There’s something unusual about Logan Wilde, and it’s not just that he is a newcomer to the small town of Xanadu. He has a way with animals, from his pet fish to his mice, his cat to the griffin that has hidden itself under his bed yes, that’s right: griffin. There’s something usual about Xanadu too, specifically The Menagerie on the outskirts of town. No one outside of the property’s inhabitants is supposed to know about the unusual collection of magical and mythical creatures that abides there, but when five griffin cubs escape and one chooses to hide under Logan’s bed, he is drawn into the mysterious place. Along with classmates Zoe Kahn and Blue (Menagerie inhabitants), Logan quickly becomes engaged in tracking down cubs, and figuring out how they escaped. When the trio come to realize that Logan’s missing mother has had a long career with the Menagerie, and that the perimeter of the compound was deliberately sabotaged, they realize there’s more at stake then getting a few cubs back home undetected. Readers will enjoy this satisfying introduction to an intriguing setting and community, but they may be less pleased with the novel’s clumsy and abrupt “To be continued ” ending. 2013, Harper/HarperCollins Publishers, Ages 8 up, $16.99.
REVIEWER: Heidi Hauser Green (Children’s Literature).
My Heart is Like a Zoo
By: Michael Hall
In his first book, Hall, a graphic designer, takes the idea of love being a many-splendored thing and runs with it straight to the animal kingdom. Using a heart shape as his core visual element, he creates a 20-member menagerie to illustrate the various facets of his affection: “My heart is like a zoo-/ eager as a beaver,/ steady as a yak,/ hopeful as a hungry heron fishing for a snack.” Not every poetic conceit works-there’s a jarring quality to having one’s heart described as “crafty as a fox” or “snappy as a crab”-and more sophisticated eyes may feel Hall could have used more variation in crafting his animals (the heart shape is used mostly as a head and some form of appendage). But children just learning about shapes will revel in these pages, thanks to Hall’s masterful blending of bright, saturated colors, his posterlike compositions, and the sheer animal magnetism of the species he’s chosen. Teachers will also find fodder for classroom activities when February rolls around. 2010, Greenwillow Books/HarperCollins, Up to age 5, $16.99.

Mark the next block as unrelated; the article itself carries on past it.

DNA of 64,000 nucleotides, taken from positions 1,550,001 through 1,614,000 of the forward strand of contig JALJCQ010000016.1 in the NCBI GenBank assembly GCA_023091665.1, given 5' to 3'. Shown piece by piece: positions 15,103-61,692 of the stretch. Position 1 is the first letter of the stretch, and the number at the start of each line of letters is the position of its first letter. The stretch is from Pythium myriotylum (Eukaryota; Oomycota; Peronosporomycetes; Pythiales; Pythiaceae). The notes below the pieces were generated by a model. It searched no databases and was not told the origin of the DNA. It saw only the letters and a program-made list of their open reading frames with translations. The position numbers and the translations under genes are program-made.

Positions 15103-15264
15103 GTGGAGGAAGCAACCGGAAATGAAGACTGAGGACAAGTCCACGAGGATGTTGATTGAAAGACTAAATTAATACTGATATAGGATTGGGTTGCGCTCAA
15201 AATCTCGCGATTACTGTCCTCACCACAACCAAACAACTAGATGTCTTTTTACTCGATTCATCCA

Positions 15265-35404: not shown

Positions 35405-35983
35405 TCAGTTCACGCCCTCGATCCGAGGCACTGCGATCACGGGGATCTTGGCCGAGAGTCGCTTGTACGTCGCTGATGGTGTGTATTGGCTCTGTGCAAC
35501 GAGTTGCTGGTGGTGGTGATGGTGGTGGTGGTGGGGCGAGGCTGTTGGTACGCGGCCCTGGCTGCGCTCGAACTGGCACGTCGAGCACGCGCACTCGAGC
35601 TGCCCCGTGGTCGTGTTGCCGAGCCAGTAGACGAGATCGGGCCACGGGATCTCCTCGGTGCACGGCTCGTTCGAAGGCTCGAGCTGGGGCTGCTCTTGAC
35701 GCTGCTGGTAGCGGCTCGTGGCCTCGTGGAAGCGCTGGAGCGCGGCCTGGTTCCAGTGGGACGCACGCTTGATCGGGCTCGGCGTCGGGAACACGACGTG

REVIEWER: Publishers Weekly (Publishers Weekly).
Poo in the Zoo
By: Steve Smallman
Illustrated by: Ada Grey
Zookeeper Bob McGrew cares for lots of animals, which also means lots of poop-scooping, including gobs of gnu poo, bouncy kangaroo poo, / a dotted line of droppings from a fat wombat! But his routine is interrupted when an iguana escapes its habitat and goes on an eating binge, devouring cakes, pizza, and more (even fireflies, for something light ). Then Bob notices the iguana s subsequent poo is, unbelievably, glowing and he decides it must be from outer space. Word of the luminous leavings spreads, and they become a major attraction, eventually drawing interest from an enthusiastic poo-collector who buys the dung for his poo museum, enabling Bob to purchase a much-appreciated robotic poop-scooper. Colorful, cartoonish illustrations depict the zoo setting and humorously expressive animals with playful details, while the narrative s rhythm and rhymes keep things peppy. The scatological scenarios are certainly copious, though blatantly hyperbolic, including the museum s seemingly endless array of apothecary jars with labeled specimens, featured on the endpapers. The title alone will be enough to get this chuckleworthy book in the right hands. Grades K-2.